Andhra cuisine

From Indpaedia
Jump to: navigation, search

Hindi English French German Italian Portuguese Russian Spanish

This is a collection of articles archived for the excellence of their content.
You can help by converting these articles into an encyclopaedia-style entry,
deleting portions of the kind normally not used in encyclopaedia entries.
Please also fill in missing details; put categories, headings and sub-headings;
and combine this with other articles on exactly the same subject.

Readers will be able to edit existing articles and post new articles directly
on their online archival encyclopædia only after its formal launch.

See examples and a tutorial.


Andhra cuisine

Andhra food is usually known for its spice quotient

Andhra cuisine offers food lovers a number of tasty delicacies, especially vegetarian recipes. It's spicy and it's hot.

Bendakaya Menthi Kura

Cooking okra the Andhra way

Navya Y V | Dec 3, 2012

Okra, the Andhra way

The Bendakaya Menthi Kura (Okra curry cooked with a dash of fenugreek seeds) finds its due place in almost all Andhra Brahmin households.

The recipe of which is as follows:

Spices, condiments and pulses needed:

Chana dal - 30-50 gms

Urad dal - 30-50 gm

Coriander seeds whole - 10 gm

Cumin seeds (optional) - 10 gm

Fenugreek seeds - 5-7 seeds in number (use the seeds sparsely as fenugreek adds a dash of bitterness)

Red chilies - 7-10 in number (or according to how spicy and hot you prefer the curry to taste)

Okra - 500-750gm

Additional ingredients

Tamarind - 5 gm

Salt - to taste

Turmeric - a pinch


First cut the okra into dices. In the meantime, keep a pan with oil on the burner and allow to heat in gentle low flame. As soon as you feel the oil is hot enough put the diced okra in it. Add salt to taste followed by a pinch of turmeric and allow it to cook in its own juices for a while.

Meanwhile, take the mixture of all the pulses, spices and condiments and dry grind these ingredients into a powder. Don't make it too fine, let the mixture be a bit coarse. When the okra is cooked, add a little tamarind piece or its juice to it and then add the ground mixture. Stir all the ingredients with a wooden spatula or a ladle carefully for two minutes and allow the ingredients to settle down after you've switched the burner off.

Andhra pappu charu

The Times of India

Navya Malini, Jun 29, 2013

Andhra pappu charu

Dal can have its atypical desi tadka. Read on

So, you don't have those vegetables and onions, but want to make your dal sambar like. Well, you can opt for the Andhra pappu charu. Less laborious than sambar, the pappu charu is a mini-Sambar that takes less time and is also tasty when had along with steam cooked rice.

Cooking a simple Andhra meal is not rocket science. If you are too tired to cook an elaboratespread on any working day, then pappu charu and steamed rice can be a simple and delectable idea. All you need to have is a little bit of steam cooked lentils, tamarind puree or lemon juiceand select spices.


Arhar (tuvar) dal - 50-75 gms

Salt to taste

Tamarind puree - 2 tsp

Turmeric—a pinch

Rasam or sambar powder (optional)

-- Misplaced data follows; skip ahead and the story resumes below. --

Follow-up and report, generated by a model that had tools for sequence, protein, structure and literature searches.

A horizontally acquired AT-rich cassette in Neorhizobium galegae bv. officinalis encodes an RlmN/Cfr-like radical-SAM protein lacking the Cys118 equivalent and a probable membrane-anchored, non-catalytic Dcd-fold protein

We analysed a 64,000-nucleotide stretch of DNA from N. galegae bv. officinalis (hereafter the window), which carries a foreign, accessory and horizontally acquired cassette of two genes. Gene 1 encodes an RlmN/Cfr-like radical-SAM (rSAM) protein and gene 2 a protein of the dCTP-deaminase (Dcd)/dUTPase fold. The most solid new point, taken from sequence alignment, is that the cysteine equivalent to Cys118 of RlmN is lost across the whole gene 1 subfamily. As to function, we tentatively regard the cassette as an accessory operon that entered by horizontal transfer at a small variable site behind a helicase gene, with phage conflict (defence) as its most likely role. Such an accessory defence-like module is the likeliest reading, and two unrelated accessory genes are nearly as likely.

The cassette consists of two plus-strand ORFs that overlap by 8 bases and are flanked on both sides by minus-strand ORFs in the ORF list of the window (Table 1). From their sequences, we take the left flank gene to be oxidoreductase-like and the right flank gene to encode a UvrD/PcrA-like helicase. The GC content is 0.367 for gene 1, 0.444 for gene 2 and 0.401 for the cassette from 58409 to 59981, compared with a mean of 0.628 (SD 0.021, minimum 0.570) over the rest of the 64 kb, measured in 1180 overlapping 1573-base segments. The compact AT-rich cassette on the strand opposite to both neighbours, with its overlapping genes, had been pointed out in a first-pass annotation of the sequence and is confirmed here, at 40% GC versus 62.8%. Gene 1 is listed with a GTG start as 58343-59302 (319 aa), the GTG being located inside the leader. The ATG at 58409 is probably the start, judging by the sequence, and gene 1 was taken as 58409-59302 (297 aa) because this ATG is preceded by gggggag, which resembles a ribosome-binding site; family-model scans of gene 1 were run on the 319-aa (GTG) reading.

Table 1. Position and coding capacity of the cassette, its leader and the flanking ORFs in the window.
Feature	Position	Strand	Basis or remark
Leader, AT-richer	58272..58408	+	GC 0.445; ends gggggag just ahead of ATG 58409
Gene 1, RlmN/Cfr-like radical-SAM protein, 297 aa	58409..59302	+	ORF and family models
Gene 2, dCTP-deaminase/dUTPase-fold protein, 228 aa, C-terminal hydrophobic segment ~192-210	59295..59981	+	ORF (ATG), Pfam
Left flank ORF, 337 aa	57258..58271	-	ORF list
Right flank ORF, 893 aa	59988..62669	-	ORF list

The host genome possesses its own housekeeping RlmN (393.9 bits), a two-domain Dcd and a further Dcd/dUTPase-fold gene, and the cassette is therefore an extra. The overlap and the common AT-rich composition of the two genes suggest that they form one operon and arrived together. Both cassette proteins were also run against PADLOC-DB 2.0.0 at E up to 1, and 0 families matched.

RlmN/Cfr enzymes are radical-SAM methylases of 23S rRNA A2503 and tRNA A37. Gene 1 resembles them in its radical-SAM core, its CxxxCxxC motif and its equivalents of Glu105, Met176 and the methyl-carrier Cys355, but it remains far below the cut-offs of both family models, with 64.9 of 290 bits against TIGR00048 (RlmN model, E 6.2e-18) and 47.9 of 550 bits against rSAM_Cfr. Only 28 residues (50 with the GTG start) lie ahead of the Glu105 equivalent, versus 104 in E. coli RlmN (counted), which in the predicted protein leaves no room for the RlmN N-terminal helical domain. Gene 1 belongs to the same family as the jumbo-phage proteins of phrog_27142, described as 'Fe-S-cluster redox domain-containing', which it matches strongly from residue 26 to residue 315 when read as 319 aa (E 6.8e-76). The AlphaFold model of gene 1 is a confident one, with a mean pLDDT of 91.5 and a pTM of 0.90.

For tadka:

Mustard seeds - ½ tsp

Asafetida- a pinch

Red chili whole - 2-3

Curry leave - 4-5 leaves


-Make the tadka with the mustard seeds, asafetida, red chilies and curry leaves in a pan and add the cooked plain tuvar dal to it. Add salt to taste. Add water and turmeric. If you want your Pappu charu (lentil rasam) to be spicier, add either rasam powder or sambar powder. If you keep it simple, it will nonetheless taste good. Bring the contents to boil. Add the tamarind paste and mix well.

-Simmer the contents for five minutes. Serve the pappu charu with piping hot rice.

-Note: You can replace tamarind puree with fresh lemon juice. Extract lemon juice from one whole lemon and add the juice to the contents.Add lemon juice after the charu is cooked and you have switched off the burner. Too much boiling after adding the juice can make the rasam a tad bitter.

Andhra mudda pappu

The Times of India

Navya Y V Sep 5, 2012

Andhra mudda pappu

The traditional andhra mudda pappu (tadke wali dal) is a simple yet delectable recipe which requires less effort and is less time consuming.

Mudda pappu (dal) marks the sumptuous beginning of the andhra thali without which the lunch or dinner will incomplete. Usually made of toor/arhar dal (called kandi pappu in telugu) and occasionally of Moong, this ubiquitous dal preparation makes the main course

Delectable in andhra households. It's simple and requires not more than couple of essential ingredients.


- Arhar dal - 100gms

- Water - to cook

- Salt to taste

- Cumin seeds, mustard seeds, two to three dry red chilies, curry leaves

- For flavour - One tomato (optional)


- Steam cook the lentils or the dal. Do not add too much water. Only add The amount of water required to let the dal cook properly. Mudda pappu means daal which is not too liquid in consistency.

- Add a tadka of Mustard seeds, cumin seeds, red chilies and curry leaves in a little oil to this dal. If you like tomato, add tomato to the tadka, and let the tomato cook for a while and then transfer the tadka with tomato into the dal.

- Add salt to taste. Mix the dal along with the tadka in such a manner so that all the ingredients are evenly distributed.

- What complements the mudda pappu is a little bit of ghee, along with a serve of piping hot rice and avakaya (mango pickle) in your platte

Personal tools